1. Thank you for reading! I’m glad my way of making sense of my world was able to help you make some sense of yours! Best of luck in finding your “home.”

      1. Valerie · ·

        Thank you! I wish you the best of luck as well. 🙂

  32. […] via A Strange Kind of Homesickness. […]

  33. Stay strong! You seem to be trying as hard as you can. It’s an inspiring story of how you can do anything if you put your mind to it. Just like you’ve graduated and moved across the world to an amazing city. Keep going…

    1. Thank you for your comment and encouragement!

  34. Moving and real. At first, I thought: how could anyone not find Paris absolutely fascinating and charming? I would LOVE to live there, but as I read further and saw what you were truly homesick for, I realized it was much more than being lonely for a place — or unable to integrate into the place that is Paris. I truly enjoyed this post. Well-written and meaningful. Thanks.

    1. Dawn, Thank you so much for your comment and for reading. I do love Paris—it’s a beautiful city with seemingly infinite things to do and parts to discover. I was enamored every time I visited before living here, and there are still days when I feel that same magic. But living in a place always takes away a bit of the glamor because, unlike when on vacation, real life and real problems have an easier time catching up with you. As you touched on and as I said in response to another comment, my “homesickness” is so much more than feeling out of place or having trouble integrating, it’s internal and I think I’d be experiencing it right now no matter where I happened to be.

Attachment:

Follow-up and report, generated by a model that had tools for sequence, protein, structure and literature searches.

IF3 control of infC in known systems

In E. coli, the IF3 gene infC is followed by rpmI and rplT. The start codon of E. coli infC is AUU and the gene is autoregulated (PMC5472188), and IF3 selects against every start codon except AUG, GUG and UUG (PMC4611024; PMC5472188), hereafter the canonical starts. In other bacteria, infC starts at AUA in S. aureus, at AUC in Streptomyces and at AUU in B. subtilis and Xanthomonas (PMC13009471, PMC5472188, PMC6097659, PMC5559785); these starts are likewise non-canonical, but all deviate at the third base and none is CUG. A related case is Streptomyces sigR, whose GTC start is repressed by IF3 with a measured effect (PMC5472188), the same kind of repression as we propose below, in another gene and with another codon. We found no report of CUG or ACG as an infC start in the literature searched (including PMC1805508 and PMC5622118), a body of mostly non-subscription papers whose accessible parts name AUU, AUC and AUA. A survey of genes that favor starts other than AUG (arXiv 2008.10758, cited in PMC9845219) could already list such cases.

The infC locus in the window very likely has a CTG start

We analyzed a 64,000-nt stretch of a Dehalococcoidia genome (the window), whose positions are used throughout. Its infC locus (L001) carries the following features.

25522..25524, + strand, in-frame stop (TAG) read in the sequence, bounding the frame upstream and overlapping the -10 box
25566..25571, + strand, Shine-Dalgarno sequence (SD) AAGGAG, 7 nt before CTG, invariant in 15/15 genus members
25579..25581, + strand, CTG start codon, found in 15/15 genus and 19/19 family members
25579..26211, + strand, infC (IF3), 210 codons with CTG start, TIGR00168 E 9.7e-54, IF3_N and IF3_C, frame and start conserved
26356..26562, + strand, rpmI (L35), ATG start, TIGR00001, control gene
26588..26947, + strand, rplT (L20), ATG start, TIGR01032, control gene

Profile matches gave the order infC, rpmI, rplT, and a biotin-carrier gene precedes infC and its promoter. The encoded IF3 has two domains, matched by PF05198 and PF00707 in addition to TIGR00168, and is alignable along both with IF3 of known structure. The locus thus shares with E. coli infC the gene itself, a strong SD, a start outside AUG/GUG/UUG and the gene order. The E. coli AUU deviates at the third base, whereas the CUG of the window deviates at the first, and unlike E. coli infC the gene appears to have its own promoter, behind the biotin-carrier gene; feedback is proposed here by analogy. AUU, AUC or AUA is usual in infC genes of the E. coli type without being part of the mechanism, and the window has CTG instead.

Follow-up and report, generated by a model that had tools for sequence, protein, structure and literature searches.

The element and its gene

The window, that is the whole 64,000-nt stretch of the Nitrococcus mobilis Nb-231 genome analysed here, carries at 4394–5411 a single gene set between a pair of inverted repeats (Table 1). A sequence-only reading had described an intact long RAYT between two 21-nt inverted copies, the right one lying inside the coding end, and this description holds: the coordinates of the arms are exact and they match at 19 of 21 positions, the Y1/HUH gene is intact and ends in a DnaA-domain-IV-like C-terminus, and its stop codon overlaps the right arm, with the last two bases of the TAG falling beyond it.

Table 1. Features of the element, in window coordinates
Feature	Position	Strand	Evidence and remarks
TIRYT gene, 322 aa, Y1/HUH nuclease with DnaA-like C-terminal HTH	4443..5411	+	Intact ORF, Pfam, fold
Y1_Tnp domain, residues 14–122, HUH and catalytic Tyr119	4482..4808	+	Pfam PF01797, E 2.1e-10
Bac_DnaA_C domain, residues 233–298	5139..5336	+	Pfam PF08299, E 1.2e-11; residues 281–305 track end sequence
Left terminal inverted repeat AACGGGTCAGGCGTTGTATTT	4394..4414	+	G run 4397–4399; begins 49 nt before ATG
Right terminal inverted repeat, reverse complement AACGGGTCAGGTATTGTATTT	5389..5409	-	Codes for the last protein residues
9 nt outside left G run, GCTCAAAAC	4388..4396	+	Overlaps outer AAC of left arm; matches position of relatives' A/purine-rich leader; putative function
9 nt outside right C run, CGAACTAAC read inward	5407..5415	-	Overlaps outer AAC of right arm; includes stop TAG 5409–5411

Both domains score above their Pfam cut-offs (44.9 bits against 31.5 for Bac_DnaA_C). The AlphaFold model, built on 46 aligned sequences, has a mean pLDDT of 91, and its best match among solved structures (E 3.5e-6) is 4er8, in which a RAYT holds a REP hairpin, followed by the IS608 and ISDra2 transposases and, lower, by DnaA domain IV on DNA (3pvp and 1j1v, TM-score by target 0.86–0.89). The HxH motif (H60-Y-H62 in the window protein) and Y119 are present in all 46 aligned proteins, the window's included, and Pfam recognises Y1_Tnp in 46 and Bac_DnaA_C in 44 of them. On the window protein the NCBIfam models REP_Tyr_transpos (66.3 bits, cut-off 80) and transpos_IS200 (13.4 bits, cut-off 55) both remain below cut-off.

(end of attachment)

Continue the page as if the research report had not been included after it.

35. Love your openness and honesty. My advise….stop beating yourself up and putting yourself down. You seem like a lovely person. Start making steps to love yourself again. Find ways to stay positive…retrain your thinking. Do things that make you happy. You are not alone! 🙂

    1. Penelope, Thank you for your support and your advice. I have been making more of a conscious effort to retrain my thinking the last few weeks and so far it is helping (if slowly). Healing is like a spiral, you move forward and then backward and then forward again, always getting incrementally further toward where you want to be, even if the tide seems to pull you back under every now and then.

      1. That is very true. It is a slow progression but those little steps make a tremendous difference. Keep moving forward. The woman you are searching for still resides within, eventually she will gravitate towards the light. 🙂